Constituent Services
Flood Insurance Bill Will Have Major Negative Impact on Western New York; Higgins Votes Against Legislation
June 27, 2006
Washington, DC—Today Congressman Brian Higgins voted against H.R. 4973, the Flood Insurance Reform bill.  While Higgins supported the goals of this legislation, which are to provide the National Flood Insurance Program (NFIP) with the resources it needs to pay its claims to the victims of Hurricane Katrina, and to reform the NFIP to place it on sustainable long-term viability, he believes those goals cannot be reached at the expense of communities and homeowners who should not be in the flood maps.  Several provisions of this bill will have a hugely negative impact on the Western New York communities that Higgins represents. 
“I would have welcomed the opportunity to vote solely on the provision to increase the funding that the Federal Emergency Management Agency can borrow in order to ensure that Katrina victims receive the funds they are owed, and I have supported several efforts to increase FEMA’s borrowing authority for this purpose,” said Higgins.  “I have also supported tremendous increases in community development funding for Katrina-impacted areas, and I fought hard against the Administration’s ill-conceived proposal to deny workers in the reconstruction effort the benefit of federal wage protection law.
Higgins continued, “Yet for all that was right in this bill, it fails to address some of the most pressing and problematic aspects of the NFIP, such as the extent to which some areas served by the program which seldom flood and seldom receive benefits must subsidize other areas which more frequently flood and more frequently receive benefits.  Additionally, I am concerned that the bill does nothing to cushion the blow of mandatory flood insurance premiums to low income senior citizens or other, similarly situated persons.  Additionally, when floods very often hit areas which had not been designated as having significant flood hazards, and while areas which have the 100-year flood designation have never been inundated, I have serious concerns about the accuracy of current flood mapping processes and procedures.  While this bill would increase funding to increase the quantity of flood mapping, it would not sufficiently improve the science to increase the quality of flood mapping.”
Specific to the Buffalo-area communities in the 27th district, Higgins is strongly opposed to the provision in the bill directing the Comptroller General to study a mandatory purchase requirement for the natural 100-year floodplain.  In the City of Buffalo, in the neighborhoods of South Buffalo and Kaisertown, an area has been designated as a 100-year floodplain by FEMA.  This area is now protected by a number of man-made improvements designed expressly to protect against one-hundred floods, so Higgins is working toward the goal of having FEMA remove the 100-year floodplain designation from these areas, and with it, the concomitant burden of mandatory flood insurance premiums.  In fact, in 1972 the U.S. Army Corps of Engineers said “the area would be protected from a flood stage having a recurrence interval of 100 years,” yet this bill would not only keep the area under 100-year designation, but would also allow the cost to no-risk homeowners to rise.  To vote to advance legislation including the area in the 100-year floodplain designation would be inconsistent with Higgins’ efforts to have the designation removed in light of the flood prevention work that has been done there.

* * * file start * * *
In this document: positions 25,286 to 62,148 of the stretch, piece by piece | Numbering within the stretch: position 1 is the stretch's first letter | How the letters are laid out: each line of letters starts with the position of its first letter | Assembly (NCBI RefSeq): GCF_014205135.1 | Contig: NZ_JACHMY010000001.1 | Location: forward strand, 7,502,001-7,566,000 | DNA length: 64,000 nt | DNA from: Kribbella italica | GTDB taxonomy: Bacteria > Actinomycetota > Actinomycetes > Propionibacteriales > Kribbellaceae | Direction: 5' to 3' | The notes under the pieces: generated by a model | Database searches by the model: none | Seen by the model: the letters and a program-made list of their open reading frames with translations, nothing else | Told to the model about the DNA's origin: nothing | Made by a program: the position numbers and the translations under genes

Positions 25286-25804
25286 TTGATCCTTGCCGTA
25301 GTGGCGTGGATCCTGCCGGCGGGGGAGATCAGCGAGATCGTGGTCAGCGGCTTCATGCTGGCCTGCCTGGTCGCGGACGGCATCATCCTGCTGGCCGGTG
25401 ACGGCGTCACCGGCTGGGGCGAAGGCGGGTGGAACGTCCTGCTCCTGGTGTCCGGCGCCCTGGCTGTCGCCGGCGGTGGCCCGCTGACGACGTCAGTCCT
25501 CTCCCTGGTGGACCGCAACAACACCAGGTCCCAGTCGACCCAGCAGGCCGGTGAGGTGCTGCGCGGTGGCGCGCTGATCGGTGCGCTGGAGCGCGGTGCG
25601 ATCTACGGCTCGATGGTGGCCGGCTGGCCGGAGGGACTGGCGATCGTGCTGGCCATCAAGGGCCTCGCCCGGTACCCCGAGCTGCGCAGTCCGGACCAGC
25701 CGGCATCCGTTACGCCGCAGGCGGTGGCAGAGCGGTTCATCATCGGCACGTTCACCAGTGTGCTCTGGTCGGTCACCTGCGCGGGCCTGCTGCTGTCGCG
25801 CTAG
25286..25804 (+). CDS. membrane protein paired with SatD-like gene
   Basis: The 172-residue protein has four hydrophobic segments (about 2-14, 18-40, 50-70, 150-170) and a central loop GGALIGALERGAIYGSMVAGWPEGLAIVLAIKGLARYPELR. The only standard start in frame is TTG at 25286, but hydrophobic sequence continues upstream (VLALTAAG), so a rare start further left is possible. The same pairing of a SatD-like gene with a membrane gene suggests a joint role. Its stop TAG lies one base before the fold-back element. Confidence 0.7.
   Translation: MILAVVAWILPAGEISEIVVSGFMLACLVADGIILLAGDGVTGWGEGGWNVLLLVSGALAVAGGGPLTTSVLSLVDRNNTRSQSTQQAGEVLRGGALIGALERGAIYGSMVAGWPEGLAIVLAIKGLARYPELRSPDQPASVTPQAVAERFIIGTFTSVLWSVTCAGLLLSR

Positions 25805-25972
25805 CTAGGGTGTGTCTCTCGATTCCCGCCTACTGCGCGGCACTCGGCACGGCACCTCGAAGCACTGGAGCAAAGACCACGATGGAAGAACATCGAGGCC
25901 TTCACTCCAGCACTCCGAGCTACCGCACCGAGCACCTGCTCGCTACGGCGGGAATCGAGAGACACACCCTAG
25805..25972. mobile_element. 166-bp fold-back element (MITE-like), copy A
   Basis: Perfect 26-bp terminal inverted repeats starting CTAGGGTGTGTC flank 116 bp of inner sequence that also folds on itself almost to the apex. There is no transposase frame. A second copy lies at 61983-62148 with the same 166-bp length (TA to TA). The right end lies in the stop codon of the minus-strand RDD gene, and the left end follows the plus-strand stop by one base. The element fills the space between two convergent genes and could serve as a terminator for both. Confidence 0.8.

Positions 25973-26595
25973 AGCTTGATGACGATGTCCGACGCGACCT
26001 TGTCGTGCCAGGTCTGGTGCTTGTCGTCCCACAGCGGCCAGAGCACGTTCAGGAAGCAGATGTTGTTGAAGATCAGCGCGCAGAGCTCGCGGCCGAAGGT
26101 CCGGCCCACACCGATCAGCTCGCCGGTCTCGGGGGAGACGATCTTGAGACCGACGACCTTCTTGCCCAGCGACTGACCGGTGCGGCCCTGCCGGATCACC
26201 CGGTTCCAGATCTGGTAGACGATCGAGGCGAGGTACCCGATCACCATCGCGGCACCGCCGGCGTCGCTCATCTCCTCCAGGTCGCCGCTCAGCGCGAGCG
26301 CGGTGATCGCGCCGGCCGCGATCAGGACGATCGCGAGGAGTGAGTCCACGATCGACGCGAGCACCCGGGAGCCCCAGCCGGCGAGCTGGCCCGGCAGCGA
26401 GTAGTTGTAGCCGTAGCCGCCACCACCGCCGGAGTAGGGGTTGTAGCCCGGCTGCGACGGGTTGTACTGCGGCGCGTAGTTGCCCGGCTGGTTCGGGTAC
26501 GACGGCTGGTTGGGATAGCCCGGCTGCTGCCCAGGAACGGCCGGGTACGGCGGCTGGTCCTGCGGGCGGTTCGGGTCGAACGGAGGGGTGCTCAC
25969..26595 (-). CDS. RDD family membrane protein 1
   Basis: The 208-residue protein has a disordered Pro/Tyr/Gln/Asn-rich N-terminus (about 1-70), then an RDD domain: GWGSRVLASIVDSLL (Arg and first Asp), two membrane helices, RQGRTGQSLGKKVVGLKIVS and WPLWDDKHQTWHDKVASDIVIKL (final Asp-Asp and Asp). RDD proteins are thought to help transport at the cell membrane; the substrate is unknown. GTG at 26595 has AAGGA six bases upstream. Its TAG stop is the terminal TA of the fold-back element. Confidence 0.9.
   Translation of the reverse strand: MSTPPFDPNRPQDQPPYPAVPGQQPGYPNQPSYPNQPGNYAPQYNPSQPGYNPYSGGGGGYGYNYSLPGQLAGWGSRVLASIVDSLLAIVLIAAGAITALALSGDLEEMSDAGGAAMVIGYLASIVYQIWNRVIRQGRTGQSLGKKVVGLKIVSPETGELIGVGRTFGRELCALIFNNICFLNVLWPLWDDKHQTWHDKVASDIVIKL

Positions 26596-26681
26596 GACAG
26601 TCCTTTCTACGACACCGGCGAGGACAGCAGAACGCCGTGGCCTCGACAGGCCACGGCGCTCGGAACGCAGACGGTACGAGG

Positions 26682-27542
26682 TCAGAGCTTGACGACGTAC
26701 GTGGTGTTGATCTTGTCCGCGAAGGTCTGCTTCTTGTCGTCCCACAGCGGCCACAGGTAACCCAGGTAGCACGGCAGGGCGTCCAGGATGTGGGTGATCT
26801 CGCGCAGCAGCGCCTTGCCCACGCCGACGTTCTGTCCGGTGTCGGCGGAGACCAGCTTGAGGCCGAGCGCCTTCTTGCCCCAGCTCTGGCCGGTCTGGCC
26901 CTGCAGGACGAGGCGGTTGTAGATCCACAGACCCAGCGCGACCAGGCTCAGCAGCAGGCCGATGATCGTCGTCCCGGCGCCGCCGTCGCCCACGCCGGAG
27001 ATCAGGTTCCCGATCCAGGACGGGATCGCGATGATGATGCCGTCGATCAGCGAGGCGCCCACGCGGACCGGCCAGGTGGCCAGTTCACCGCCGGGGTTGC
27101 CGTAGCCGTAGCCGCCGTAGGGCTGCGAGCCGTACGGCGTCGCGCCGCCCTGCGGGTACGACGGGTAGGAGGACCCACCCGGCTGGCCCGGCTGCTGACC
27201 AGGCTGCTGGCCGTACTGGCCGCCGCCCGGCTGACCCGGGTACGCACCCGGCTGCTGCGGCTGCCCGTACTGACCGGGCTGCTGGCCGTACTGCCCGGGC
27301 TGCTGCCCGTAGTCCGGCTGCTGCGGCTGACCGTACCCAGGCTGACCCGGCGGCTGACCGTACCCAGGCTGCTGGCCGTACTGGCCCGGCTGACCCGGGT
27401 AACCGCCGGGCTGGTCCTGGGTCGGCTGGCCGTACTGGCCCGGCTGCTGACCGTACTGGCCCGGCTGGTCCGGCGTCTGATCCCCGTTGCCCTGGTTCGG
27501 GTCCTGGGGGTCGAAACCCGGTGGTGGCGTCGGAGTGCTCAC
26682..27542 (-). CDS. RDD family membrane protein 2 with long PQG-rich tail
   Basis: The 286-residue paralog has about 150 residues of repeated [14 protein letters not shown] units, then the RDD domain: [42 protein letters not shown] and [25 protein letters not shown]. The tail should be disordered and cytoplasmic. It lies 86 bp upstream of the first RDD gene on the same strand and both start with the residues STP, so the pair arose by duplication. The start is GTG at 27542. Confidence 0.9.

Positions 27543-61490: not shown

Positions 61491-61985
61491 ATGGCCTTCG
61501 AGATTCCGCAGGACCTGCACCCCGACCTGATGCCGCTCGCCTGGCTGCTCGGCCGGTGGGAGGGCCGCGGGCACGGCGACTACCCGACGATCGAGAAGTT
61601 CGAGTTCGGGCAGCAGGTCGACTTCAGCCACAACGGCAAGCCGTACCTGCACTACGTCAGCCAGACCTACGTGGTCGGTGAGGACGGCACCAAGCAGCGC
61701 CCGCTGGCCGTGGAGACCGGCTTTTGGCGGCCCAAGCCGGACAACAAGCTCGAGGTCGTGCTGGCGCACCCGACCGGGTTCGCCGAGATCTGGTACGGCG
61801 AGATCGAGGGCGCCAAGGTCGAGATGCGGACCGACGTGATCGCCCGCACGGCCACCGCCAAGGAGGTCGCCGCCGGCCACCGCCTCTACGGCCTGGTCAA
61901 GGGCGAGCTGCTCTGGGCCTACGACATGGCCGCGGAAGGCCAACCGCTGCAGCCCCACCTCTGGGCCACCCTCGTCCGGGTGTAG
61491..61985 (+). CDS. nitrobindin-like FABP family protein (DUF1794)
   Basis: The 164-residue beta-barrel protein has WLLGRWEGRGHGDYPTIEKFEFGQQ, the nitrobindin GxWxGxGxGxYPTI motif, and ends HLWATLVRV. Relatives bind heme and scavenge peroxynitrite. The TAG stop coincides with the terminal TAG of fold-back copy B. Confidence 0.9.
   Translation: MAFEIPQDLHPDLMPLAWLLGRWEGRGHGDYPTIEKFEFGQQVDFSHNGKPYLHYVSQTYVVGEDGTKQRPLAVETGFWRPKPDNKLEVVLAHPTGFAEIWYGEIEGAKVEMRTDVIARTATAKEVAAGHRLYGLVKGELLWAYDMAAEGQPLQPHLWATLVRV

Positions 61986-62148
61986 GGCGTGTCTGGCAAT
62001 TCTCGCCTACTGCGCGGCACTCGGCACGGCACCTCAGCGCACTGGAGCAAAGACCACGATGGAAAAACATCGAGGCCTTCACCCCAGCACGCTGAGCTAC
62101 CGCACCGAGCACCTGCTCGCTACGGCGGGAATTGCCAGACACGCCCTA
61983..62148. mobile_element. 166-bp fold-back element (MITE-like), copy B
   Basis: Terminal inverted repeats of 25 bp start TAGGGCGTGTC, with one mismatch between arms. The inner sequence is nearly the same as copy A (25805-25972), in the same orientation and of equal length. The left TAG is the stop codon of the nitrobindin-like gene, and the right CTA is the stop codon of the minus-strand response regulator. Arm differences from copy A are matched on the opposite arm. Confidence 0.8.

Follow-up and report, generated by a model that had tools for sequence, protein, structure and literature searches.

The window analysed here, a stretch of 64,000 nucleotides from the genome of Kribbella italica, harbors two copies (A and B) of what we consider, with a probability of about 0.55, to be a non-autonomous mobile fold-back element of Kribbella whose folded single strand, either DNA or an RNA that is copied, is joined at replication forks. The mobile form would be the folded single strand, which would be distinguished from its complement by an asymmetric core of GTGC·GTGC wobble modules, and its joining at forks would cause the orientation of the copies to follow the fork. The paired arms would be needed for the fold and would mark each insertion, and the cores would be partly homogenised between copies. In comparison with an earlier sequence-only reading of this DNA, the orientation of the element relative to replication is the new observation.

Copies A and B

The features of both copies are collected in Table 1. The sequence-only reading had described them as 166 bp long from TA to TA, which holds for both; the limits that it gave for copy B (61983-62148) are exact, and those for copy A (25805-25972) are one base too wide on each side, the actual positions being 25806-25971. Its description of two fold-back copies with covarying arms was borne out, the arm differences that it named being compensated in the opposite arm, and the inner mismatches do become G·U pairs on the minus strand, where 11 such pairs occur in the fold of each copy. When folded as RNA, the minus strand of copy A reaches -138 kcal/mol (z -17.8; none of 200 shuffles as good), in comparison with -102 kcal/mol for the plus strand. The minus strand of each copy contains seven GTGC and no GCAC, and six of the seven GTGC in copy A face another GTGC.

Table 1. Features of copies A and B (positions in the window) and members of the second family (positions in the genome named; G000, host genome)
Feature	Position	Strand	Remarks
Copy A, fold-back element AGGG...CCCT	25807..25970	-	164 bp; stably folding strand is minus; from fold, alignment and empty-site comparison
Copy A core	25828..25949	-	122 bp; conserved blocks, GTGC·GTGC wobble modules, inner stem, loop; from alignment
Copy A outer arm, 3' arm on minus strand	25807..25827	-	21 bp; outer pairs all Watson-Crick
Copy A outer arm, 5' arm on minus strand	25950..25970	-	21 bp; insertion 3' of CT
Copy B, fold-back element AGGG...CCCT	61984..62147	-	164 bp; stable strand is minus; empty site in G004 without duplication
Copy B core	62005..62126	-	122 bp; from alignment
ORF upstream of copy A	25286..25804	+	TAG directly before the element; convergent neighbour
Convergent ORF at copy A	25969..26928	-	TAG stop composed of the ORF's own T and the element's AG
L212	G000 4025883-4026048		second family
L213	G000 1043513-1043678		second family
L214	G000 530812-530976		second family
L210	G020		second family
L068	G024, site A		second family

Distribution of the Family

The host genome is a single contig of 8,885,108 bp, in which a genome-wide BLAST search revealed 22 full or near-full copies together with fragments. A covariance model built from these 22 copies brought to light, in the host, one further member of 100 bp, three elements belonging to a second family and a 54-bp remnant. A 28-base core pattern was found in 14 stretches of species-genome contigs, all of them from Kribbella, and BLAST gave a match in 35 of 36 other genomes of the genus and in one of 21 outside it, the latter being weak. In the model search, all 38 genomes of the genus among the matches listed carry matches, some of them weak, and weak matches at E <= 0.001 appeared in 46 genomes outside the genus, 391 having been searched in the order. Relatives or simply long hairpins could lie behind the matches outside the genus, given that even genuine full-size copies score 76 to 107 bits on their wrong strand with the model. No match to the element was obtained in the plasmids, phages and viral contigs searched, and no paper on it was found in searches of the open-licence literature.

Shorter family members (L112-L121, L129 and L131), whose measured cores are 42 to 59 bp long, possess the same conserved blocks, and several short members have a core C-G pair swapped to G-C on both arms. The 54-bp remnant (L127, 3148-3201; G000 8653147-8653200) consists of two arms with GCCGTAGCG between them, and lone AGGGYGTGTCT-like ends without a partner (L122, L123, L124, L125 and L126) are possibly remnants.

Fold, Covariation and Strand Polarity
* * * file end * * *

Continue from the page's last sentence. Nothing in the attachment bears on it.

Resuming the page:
Higgins is further concerned with provisions in this bill which would raise the maximum amount of coverage.  This provision would cause insured homeowners in low-cost housing markets, such as Buffalo, to subsidize homeowners in high-cost housing markets.  This provision is regressive and contrary to the interests of Western New Yorkers.
Higgins agrees that the NFIP needs to be reformed so that those truly at risk bear the cost of flood insurance.  “By including communities that are at no or little risk of flooding, this bill has the unintended consequence of forcing struggling communities, like the one I represent, to subsidize the cost of flood insurance across the country,” added Higgins.  “That is not a just outcome, and it is one I will continue to oppose until NFIP flood maps represent what really goes on in a community and until low risk communities are not forced to subsidize high risk communities.”

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